The legal blogosphere has been embroiled recently in a series of discussions about Karen Rothenberg, formerly dean at Maryland law. For those living in a cave (or avoiding Above the Law as a paper-finishing strategy), the basic facts are these: Karen Rothenberg was UM’s first woman dean, and highly successful in her service as dean from 2000 to 2008. Several years into her deanship, the university president negotiated a compensation deal with her. She was eligible for a sabbatical, but it would have been counterproductive for her to take time off at the time, and so she was paid a lump sum for the sabbatical in 2007 but didn’t actually take the time off. The extra pay for her untaken sabbatical approximately doubled her salary that year. The news came out in a recent audit, and the story made it into the Baltimore Sun (here).
The story itself is a relatively minor event. Faculty members routinely negotiate the best compensation packages they can. A dean who has significantly raised the school’s profile is worth a good deal to a law school. As Dan Filler notes at the Faculty Lounge, this looks like a normal sort of compensation decision: “the basic goal was probably the retention of a successful dean who’d been in office for 8 years. Ordinary science.” (Though as Filler notes, the payment form chosen was rather risky.)
But the recent reaction has been troubling in many ways. The initial Baltimore Sun articles have been followed by a feeding frenzy of snarky commentary at Above the Law and other sites. Above the Law’s story was titled, “Is the Dean worth $800k?” Comments were the usual mix of insult and personal attack.
Now, I understand that 2010 is a bad time to have large bonuses disclosed. We’ve seen waves of populist outrage over recent bank bonuses. This payment is a few years old, but was first disclosed in 2010. Part of the reaction probably comes from that angle.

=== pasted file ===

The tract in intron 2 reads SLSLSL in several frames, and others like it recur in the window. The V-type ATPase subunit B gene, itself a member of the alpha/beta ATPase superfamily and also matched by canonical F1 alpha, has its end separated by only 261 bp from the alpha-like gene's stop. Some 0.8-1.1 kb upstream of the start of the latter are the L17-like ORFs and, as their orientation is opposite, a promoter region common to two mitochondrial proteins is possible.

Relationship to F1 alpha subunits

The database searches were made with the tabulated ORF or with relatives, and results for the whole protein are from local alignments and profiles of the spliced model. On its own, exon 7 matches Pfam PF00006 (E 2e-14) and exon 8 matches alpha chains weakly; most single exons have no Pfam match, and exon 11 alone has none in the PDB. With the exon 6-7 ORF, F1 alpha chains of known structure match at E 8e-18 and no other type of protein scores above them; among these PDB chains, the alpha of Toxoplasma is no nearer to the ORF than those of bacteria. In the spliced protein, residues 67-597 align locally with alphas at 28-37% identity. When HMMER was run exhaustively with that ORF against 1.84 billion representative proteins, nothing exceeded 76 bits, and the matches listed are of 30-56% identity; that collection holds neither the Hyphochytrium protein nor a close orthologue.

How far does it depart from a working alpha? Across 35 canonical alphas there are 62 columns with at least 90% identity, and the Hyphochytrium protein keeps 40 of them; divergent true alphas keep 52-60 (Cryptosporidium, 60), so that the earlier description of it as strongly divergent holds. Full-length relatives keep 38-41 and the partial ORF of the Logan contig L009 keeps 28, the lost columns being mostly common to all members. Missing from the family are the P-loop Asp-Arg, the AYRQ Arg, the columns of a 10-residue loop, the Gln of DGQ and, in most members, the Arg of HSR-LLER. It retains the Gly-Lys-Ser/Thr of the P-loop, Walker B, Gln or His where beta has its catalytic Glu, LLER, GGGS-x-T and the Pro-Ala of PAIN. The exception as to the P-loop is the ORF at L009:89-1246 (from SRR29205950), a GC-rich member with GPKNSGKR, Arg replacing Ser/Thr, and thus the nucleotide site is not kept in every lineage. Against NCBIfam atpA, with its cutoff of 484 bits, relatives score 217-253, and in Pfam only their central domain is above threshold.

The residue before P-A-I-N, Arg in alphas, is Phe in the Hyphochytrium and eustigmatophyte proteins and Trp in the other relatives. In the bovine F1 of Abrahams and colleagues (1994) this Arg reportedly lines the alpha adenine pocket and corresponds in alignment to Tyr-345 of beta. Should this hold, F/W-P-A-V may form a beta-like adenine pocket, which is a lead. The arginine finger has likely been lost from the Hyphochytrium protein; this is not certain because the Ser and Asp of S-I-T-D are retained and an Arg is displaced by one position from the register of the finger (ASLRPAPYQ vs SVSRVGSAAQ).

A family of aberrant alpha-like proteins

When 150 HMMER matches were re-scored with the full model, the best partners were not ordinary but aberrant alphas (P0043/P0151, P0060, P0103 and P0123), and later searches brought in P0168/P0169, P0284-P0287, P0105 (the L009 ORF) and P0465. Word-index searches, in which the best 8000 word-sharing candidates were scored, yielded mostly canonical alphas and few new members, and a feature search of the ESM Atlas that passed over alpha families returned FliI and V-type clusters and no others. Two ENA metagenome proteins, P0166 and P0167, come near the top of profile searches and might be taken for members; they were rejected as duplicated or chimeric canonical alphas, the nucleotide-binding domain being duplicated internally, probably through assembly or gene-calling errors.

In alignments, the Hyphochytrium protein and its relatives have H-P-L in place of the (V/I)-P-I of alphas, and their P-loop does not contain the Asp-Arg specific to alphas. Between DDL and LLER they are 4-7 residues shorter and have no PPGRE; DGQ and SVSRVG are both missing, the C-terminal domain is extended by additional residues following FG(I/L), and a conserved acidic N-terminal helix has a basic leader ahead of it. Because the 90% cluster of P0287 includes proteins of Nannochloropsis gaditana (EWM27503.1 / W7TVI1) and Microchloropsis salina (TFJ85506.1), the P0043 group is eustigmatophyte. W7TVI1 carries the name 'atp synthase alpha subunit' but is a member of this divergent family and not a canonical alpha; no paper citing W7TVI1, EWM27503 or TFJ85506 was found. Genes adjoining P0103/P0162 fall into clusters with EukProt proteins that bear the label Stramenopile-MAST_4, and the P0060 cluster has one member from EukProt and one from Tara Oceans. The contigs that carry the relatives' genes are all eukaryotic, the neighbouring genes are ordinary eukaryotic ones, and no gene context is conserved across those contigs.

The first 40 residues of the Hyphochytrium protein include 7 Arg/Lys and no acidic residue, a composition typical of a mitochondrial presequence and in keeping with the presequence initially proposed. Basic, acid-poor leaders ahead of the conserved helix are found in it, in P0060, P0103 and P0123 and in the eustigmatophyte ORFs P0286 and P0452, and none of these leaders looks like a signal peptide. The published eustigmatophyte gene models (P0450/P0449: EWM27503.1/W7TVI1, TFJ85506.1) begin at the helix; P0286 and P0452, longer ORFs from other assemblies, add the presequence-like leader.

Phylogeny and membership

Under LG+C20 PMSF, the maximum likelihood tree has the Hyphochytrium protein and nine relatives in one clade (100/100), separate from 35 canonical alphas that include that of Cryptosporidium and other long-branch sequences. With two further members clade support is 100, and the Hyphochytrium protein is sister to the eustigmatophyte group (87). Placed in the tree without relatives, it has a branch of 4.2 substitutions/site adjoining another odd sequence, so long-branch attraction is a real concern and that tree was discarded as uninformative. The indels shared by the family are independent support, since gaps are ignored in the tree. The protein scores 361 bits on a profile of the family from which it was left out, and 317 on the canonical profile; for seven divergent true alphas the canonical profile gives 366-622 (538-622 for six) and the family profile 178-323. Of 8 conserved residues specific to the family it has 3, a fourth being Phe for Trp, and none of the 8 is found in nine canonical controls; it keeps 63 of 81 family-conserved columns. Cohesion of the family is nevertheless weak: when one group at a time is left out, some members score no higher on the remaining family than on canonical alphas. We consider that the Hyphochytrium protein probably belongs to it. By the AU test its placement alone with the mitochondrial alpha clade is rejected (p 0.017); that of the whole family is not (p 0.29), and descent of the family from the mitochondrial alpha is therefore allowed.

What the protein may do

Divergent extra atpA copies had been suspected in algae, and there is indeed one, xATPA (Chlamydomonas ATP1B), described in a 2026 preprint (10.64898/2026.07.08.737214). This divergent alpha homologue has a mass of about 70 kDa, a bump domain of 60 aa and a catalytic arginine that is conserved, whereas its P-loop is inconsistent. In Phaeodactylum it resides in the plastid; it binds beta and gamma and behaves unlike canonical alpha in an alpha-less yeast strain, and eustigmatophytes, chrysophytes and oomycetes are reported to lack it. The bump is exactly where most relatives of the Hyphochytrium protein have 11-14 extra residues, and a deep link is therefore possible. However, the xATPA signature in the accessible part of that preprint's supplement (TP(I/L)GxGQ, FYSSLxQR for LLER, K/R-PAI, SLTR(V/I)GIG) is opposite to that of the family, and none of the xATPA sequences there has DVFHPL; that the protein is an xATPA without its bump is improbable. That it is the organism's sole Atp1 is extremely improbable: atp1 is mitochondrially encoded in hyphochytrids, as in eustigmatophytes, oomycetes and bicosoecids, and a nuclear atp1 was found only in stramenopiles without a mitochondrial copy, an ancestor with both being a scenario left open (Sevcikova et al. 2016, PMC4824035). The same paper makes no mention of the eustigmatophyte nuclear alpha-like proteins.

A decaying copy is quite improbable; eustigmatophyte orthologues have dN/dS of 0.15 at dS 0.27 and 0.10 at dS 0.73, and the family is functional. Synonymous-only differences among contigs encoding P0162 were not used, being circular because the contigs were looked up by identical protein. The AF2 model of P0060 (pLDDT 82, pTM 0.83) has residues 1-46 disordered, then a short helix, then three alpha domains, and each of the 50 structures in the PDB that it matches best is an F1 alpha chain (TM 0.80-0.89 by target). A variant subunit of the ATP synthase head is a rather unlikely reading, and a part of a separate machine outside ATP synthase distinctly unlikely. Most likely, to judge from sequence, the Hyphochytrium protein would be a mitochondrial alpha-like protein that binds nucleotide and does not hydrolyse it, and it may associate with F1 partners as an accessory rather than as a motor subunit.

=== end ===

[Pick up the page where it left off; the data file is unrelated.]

But I can’t help but see troubling gendered undertones in the reaction here.
The online comments have been very nasty and personal, an overreaction which may reflect resentment over the audacity of a woman dean to ask for (and get) a bonus just like men. Let’s remember, women are still significantly underrepresented in law school deanships. Women law deans have hovered at 20% for years. As the Faculty Lounge recently noted, until last year Yale Law had never had even a female acting dean. Dean Rothenberg was the first woman to be dean at Maryland. How much of the vitriolic reaction is based on hostility towards a female invader of a traditionally male domain? Would these folks be showing the same outrage if her name was George? (And why is everyone focusing on the woman who was paid, and not the man who decided to pay her?)
In addition, the hostility also raises troubling questions about online conversations and gendered shaming norms. As explained cogently by my Concurring Opinions co-blogger Danielle Citron (disclosure: she teaches at Maryland), the ease of anonymous commentary allows for an attack-and-shaming dynamic that is frequently directed at women. As a result, the internet has all too often become a place where anonymous commenters can try to shame women into silence.
I’m all for thoughtful discussion of the topic, including legitimate discussion of Dean Rothenberg’s actions. But let’s remember that she’s been a highly successful woman dean (and that there are a lot of highly paid men in law). Let’s ask how much the outrage is driven by unstated gender norms. And let’s remember that internet attacks on Dean Rothenberg draw on a problematic history of silencing powerful women through anonymous internet sliming.
Kaimipono Wenger is an Assistant Professor at Thomas Jefferson School of Law